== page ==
ARI SHAPIRO, HOST:
There's an Associated Press report today detailing a massacre and at least five mass graves in the Rakhine State in Myanmar. That's where the country's security forces carried out a brutal campaign against the Muslim minority Rohingya last August. The government insists it was an operation against Rohingya terrorists. As Michael Sullivan reports, the AP story differs. And a warning - some of the descriptions here are graphic.
MICHAEL SULLIVAN, BYLINE: There are now at least 688,000 Rohingya in refugee camps in neighboring Bangladesh. And dozens of them talked to the AP about what happened in a village called Gu Dar Pyin on August 27. And some showed the AP time-stamped cellphone video of what they say was a massacre there. The survivors said the Myanmar military came with shovels to dig graves and acid to make the bodies impossible to identify.
PHIL ROBERTSON: What it shows is a degree of preparation which we haven't seen very clearly before.
SULLIVAN: Phil Robertson is deputy Asia director for Human Rights Watch.
ROBERTSON: We've been receiving reports about these mass graves and about massacres. And it was just trying to find a way to learn what has happened in an area that has been completely shut off to the international community by the Burmese military.
SULLIVAN: Matthew Smith, who heads the Southeast Asia-focused human rights group Fortify Rights, agrees. This, he says, was new.
MATTHEW SMITH: We actually hadn't documented Myanmar army soldiers using acid to dissolve bodies. We have documented soldiers cutting bodies up and burying them in relatively shallow graves. We documented soldiers burning piles of bodies. But we've not yet documented the use of acid.
SULLIVAN: And that's important, says Phil Robertson of Human Rights Watch.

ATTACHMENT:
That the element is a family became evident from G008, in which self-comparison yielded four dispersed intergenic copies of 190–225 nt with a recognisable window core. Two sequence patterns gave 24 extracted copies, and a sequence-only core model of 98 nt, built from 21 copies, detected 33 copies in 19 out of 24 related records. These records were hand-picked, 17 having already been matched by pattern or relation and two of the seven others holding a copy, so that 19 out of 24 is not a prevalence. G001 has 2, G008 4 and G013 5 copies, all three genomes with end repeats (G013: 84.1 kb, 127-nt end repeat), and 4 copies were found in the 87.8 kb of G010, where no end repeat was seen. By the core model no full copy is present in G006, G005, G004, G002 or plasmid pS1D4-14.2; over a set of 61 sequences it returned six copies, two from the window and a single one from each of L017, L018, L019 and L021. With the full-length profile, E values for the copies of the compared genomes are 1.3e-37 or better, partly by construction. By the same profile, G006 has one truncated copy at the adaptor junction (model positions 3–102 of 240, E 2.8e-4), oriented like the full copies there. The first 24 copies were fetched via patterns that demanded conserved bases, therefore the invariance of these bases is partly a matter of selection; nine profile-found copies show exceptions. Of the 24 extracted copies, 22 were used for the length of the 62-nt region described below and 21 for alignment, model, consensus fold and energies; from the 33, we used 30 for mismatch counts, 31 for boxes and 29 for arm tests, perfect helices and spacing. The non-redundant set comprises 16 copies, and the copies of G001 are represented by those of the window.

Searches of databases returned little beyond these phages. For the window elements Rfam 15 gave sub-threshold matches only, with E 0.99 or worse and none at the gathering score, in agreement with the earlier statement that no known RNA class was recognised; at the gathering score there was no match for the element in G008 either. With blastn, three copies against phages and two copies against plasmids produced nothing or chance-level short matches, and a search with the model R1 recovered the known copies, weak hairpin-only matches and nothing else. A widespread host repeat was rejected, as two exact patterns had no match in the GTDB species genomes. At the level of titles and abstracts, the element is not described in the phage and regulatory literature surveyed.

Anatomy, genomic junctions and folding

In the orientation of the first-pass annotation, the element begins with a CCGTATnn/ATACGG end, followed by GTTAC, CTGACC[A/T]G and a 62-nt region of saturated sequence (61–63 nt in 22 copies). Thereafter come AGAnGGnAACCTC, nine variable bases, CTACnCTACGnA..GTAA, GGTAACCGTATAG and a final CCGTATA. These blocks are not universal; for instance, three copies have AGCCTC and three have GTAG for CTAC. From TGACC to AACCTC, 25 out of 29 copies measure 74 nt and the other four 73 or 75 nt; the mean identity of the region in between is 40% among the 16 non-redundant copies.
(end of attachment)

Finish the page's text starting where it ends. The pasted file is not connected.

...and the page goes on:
ROBERTSON: That shows an intention. And that goes to the point of intense preplanning. And that's one of the crucial issues where you cross over from crimes against humanity toward something like genocide.
SULLIVAN: Crimes against humanity, ethnic cleansing, genocide - all are terms that have been used before to describe what's happened to the Rohingya since August and before. But if the AP report is accurate, human rights advocates say, it puts even more pressure on Aung San Suu Kyi and the military to allow the international community to do what Myanmar has refused to do so far - allow unfettered access to northern Rakhine State. Matthew Smith of Fortify Rights.
SMITH: We're really concerned that Aung San Suu Kyi continues to deny access to U.N. fact-finders and monitors. And the longer that access is denied, the more difficult it will become to do the type of forensic fact-finding that is important in identifying victims, locating additional mass graves and the like.
SULLIVAN: Myanmar continues to insist there have been no massacres of Rohingya and no mass graves. The one exception - the 10 bodies found in late December, Rohingya executed by Myanmar's military that the military insists were terrorists like those who carried out the August attacks against Myanmar security forces. For NPR News, I'm Michael Sullivan in Chiang Rai, Thailand. Transcript provided by NPR, Copyright NPR.